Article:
Goldsmith, C. S., Tatti, K. M., Ksiazek, T., Rollin, P. E., Comer, J. A., Lee, W. W., ... Zaki, S. R. (2004). Ultrastructural Characterization of SARS Coronavirus. Emerging Infectious Diseases, 10(2), 320-326.

Ultrastructural Characterization of SARS Coronavirus. / Goldsmith, Cynthia S.; Tatti, Kathleen M.; Ksiazek, Thomas; Rollin, Pierre E.; Comer, James A.; Lee, William W.; Rota, Paul A.; Bankamp, Bettina; Bellini, William J.; Zaki, Sherif R.

In: Emerging Infectious Diseases, Vol. 10, No. 2, 02.2004, p. 320-326.

Research output: Contribution to journalArticle

Goldsmith, CS, Tatti, KM, Ksiazek, T, Rollin, PE, Comer, JA, Lee, WW, Rota, PA, Bankamp, B, Bellini, WJ & Zaki, SR 2004, 'Ultrastructural Characterization of SARS Coronavirus', Emerging Infectious Diseases, vol. 10, no. 2, pp. 320-326.
Goldsmith CS, Tatti KM, Ksiazek T, Rollin PE, Comer JA, Lee WW et al. Ultrastructural Characterization of SARS Coronavirus. Emerging Infectious Diseases. 2004 Feb;10(2):320-326.
Goldsmith, Cynthia S. ; Tatti, Kathleen M. ; Ksiazek, Thomas ; Rollin, Pierre E. ; Comer, James A. ; Lee, William W. ; Rota, Paul A. ; Bankamp, Bettina ; Bellini, William J. ; Zaki, Sherif R. / Ultrastructural Characterization of SARS Coronavirus. In: Emerging Infectious Diseases. 2004 ; Vol. 10, No. 2. pp. 320-326.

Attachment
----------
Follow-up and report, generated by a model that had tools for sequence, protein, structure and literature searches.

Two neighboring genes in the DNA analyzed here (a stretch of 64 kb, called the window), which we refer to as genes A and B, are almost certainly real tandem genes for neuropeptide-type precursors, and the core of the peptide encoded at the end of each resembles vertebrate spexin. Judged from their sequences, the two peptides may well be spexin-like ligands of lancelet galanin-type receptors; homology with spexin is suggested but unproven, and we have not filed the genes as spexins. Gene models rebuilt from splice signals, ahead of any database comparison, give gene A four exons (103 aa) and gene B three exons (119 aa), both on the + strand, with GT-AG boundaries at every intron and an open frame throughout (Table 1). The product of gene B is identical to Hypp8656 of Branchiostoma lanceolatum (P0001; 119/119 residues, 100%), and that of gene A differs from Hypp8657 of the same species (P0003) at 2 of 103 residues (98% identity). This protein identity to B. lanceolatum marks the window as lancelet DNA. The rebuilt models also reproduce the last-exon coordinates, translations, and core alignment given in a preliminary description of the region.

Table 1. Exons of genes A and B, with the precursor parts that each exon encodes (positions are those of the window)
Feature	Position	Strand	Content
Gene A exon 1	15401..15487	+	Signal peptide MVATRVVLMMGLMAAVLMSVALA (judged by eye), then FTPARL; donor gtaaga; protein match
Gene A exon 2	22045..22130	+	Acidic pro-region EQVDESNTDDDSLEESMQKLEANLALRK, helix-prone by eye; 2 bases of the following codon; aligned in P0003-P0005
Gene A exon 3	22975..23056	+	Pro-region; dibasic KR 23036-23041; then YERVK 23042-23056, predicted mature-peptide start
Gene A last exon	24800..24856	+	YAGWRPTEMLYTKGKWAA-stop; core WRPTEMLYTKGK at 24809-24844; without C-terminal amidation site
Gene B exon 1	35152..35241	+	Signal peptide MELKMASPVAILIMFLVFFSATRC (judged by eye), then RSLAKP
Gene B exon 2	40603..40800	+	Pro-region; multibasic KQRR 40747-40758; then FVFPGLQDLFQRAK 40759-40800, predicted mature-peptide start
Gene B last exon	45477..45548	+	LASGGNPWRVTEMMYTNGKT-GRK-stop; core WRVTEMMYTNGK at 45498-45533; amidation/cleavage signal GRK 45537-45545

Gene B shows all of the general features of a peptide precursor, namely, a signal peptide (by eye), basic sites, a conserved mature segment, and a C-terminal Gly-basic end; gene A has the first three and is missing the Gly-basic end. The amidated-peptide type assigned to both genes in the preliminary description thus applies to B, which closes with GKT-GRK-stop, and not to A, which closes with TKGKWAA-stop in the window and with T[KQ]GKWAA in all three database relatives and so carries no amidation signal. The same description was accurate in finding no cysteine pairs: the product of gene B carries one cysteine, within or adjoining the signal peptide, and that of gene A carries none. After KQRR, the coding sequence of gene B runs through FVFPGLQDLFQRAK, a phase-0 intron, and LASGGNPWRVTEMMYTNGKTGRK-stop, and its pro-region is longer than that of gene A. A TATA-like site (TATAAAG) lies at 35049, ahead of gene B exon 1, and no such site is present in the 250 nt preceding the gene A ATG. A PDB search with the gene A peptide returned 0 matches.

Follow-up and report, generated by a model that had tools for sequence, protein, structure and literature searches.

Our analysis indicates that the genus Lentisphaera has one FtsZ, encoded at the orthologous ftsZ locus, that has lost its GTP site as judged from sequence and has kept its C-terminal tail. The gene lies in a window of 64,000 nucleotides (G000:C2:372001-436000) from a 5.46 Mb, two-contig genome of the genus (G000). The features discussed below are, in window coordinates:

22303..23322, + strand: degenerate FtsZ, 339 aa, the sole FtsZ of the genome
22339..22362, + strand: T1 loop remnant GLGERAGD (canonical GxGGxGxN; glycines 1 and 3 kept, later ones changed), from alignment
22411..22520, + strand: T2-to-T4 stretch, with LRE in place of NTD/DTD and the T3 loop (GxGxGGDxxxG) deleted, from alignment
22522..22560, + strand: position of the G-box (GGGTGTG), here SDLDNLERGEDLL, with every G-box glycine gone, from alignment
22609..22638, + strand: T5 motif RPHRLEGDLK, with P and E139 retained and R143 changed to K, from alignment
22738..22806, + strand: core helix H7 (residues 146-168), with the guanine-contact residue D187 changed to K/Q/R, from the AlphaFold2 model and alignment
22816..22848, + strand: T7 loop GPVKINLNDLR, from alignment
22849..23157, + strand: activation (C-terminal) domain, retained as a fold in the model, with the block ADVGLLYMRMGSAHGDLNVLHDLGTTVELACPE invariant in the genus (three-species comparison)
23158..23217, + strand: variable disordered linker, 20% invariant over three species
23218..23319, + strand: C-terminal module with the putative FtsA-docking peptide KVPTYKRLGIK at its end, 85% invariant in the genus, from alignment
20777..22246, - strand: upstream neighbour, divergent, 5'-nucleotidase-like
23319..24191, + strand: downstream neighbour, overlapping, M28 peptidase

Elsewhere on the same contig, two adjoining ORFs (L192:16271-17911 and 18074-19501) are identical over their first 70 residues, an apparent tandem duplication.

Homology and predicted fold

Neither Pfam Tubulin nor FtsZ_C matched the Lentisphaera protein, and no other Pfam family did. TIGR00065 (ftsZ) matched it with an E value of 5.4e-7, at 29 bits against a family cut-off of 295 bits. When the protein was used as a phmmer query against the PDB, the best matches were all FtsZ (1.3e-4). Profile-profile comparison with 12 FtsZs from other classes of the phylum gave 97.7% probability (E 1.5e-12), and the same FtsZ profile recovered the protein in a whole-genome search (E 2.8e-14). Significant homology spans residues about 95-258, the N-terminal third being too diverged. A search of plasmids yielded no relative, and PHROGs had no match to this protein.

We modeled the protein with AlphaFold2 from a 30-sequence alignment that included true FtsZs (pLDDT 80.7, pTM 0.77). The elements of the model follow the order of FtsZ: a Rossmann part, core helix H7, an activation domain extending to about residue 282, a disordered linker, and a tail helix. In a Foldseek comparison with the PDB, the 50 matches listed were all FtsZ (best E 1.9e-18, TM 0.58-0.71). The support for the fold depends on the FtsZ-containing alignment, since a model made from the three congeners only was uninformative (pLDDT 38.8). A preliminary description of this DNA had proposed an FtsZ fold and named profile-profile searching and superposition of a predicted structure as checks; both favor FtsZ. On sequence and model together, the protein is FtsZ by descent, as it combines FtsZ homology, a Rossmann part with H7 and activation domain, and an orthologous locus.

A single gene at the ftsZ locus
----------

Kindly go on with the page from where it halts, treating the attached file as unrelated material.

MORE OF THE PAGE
@article{49e10d3af6b744ae8a405a474512cc46,
title = "Ultrastructural Characterization of SARS Coronavirus",
abstract = "Severe acute respiratory syndrome (SARS) was first described during a 2002-2003 global outbreak of severe pneumonia associated with human deaths and person-to-person disease transmission. The etiologic agent was initially identified as a coronavirus by thin-section electron microscopic examination of a virus isolate. Virions were spherical, 78 nm in mean diameter, and composed of a helical nucleocapsid within an envelope with surface projections. We show that infection with the SARS-associated coronavirus resulted in distinct ultrastructural features: double-membrane vesicles, nucleocapsid inclusions, and large granular areas of cytoplasm. These three structures and the coronavirus particles were shown to be positive for viral proteins and RNA by using ultrastructural immunogold and in situ hybridization assays. In addition, ultrastructural examination of a bronchiolar lavage specimen from a SARS patient showed numerous coronavirus-infected cells with features similar to those in infected culture cells. Electron microscopic studies were critical in identifying the etiologic agent of the SARS outbreak and in guiding subsequent laboratory and epidemiologic investigations.",